Whilst the Local Planning Scheme and relevant planning policies aim to respond to best practice planning principles, they cannot cater for all development scenarios. For this reason they have been developed with a focus on what they are trying to achieve rather than on how to achieve it. This is more clearly explained in the next section. This approach, which is called a performance based approach, may require the City to exercise some discretion. Where discretion is required the application will be advertised, generally for a minimum of 14 days, in accordance with the City's Stakeholder Engagement Policy.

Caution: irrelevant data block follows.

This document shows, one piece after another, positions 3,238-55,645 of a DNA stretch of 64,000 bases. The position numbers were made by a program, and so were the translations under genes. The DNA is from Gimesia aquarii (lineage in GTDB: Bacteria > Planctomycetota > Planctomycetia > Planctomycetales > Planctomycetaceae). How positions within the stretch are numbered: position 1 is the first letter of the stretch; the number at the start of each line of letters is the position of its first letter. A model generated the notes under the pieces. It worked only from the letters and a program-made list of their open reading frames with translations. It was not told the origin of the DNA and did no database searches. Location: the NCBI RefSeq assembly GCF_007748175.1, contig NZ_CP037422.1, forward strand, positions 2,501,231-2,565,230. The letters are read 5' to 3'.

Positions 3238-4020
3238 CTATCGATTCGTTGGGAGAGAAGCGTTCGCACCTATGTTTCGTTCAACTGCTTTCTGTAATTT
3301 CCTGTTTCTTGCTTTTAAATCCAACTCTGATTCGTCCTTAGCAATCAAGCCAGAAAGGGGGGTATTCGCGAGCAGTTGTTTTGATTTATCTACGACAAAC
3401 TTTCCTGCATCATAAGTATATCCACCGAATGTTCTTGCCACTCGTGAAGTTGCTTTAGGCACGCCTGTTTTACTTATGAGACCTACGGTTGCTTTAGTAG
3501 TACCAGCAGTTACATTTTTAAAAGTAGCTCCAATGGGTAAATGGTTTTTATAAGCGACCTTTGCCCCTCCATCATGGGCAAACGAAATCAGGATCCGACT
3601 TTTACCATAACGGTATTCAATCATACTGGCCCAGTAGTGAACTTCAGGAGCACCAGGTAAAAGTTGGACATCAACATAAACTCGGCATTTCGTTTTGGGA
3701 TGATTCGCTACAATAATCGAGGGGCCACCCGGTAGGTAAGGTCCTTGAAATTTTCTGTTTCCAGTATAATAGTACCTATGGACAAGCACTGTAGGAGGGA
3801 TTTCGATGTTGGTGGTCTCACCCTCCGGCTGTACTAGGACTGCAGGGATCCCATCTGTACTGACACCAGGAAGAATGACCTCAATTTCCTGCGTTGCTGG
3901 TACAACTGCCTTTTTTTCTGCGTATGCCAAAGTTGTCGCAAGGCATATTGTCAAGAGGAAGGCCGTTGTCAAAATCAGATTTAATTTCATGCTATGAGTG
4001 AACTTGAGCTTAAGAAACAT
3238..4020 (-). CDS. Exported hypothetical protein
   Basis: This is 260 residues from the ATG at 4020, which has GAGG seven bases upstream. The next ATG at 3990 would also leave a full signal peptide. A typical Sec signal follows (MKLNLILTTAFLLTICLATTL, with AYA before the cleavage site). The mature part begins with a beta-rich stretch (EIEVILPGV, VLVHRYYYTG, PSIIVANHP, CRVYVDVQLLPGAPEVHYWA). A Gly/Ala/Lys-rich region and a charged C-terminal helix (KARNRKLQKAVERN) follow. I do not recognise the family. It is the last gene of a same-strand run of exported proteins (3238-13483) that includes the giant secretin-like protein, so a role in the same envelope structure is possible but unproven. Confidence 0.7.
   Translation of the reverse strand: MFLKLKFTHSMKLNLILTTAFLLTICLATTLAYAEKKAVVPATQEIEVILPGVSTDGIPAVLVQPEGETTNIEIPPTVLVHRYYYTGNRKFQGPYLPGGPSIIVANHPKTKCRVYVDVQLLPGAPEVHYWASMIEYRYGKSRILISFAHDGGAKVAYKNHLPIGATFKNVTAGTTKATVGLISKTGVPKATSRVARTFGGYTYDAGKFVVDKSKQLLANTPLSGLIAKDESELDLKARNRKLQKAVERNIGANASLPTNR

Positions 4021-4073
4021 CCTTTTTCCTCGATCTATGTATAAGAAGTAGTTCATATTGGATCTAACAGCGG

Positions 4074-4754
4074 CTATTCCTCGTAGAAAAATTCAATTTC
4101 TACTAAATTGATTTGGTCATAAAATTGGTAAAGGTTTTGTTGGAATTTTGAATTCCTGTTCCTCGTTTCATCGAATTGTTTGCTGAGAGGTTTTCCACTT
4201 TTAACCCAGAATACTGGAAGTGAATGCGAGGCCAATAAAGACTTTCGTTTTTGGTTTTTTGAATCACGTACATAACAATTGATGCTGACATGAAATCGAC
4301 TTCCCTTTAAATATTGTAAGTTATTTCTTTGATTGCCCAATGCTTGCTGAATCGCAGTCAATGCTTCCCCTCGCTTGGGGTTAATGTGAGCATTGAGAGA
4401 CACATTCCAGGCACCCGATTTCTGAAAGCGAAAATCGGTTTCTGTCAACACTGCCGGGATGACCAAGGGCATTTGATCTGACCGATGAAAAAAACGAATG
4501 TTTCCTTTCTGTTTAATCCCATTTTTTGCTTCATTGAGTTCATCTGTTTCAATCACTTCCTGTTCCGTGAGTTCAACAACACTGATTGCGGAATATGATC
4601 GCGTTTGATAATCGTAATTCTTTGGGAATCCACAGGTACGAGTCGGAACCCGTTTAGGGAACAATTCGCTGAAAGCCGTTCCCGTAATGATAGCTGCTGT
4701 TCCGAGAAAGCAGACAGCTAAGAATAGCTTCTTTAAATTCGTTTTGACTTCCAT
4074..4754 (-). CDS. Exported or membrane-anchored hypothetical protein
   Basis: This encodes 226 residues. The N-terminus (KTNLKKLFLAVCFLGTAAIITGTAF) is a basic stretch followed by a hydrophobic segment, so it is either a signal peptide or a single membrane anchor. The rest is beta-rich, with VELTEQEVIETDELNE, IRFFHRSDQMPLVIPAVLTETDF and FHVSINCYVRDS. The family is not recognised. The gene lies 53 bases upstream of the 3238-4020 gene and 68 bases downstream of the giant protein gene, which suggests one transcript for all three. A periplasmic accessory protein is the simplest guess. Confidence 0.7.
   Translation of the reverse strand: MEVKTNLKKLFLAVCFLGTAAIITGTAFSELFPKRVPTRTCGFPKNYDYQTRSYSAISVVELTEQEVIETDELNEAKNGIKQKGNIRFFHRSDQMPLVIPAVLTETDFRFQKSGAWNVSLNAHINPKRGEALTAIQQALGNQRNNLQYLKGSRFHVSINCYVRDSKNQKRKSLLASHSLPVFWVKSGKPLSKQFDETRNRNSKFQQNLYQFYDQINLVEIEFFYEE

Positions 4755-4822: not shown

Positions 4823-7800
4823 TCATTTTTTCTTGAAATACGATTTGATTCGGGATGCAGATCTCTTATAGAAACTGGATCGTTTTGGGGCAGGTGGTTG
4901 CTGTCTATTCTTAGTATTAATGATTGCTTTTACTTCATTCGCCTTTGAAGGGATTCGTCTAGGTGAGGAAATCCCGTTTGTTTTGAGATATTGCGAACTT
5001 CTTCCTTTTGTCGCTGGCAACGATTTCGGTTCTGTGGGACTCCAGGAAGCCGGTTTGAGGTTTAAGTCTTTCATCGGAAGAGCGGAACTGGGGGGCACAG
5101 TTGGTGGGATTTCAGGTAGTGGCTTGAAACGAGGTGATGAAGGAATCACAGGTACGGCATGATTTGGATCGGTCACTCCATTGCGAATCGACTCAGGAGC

Following the period of consultation, the City‟s Officers will consider the merits of the application to ensure that the proposal is appropriate and will not have an undue impact on the amenity of the area. All comments or submissions received by the City will be considered when determining any development application/proposal, in the context of the City‟s legal responsibilities, the interests of the affected community and the reasonable expectations and rights of the applicant.
Can I obtain more information about the Proposal?
Yes. Large scale site plans, plans, elevations and other relevant information is available for public viewing at the Administration and Civic Centre, 244 Vincent Street (cnr Loftus Street), Leederville between 8.00am and 5.00pm, Monday to Friday (excluding public holidays) or at the Library and Local History Centre during opening hours.
You may also contact the Senior Urban Planner, whose name appears on the consultation letter.
What should my submission say?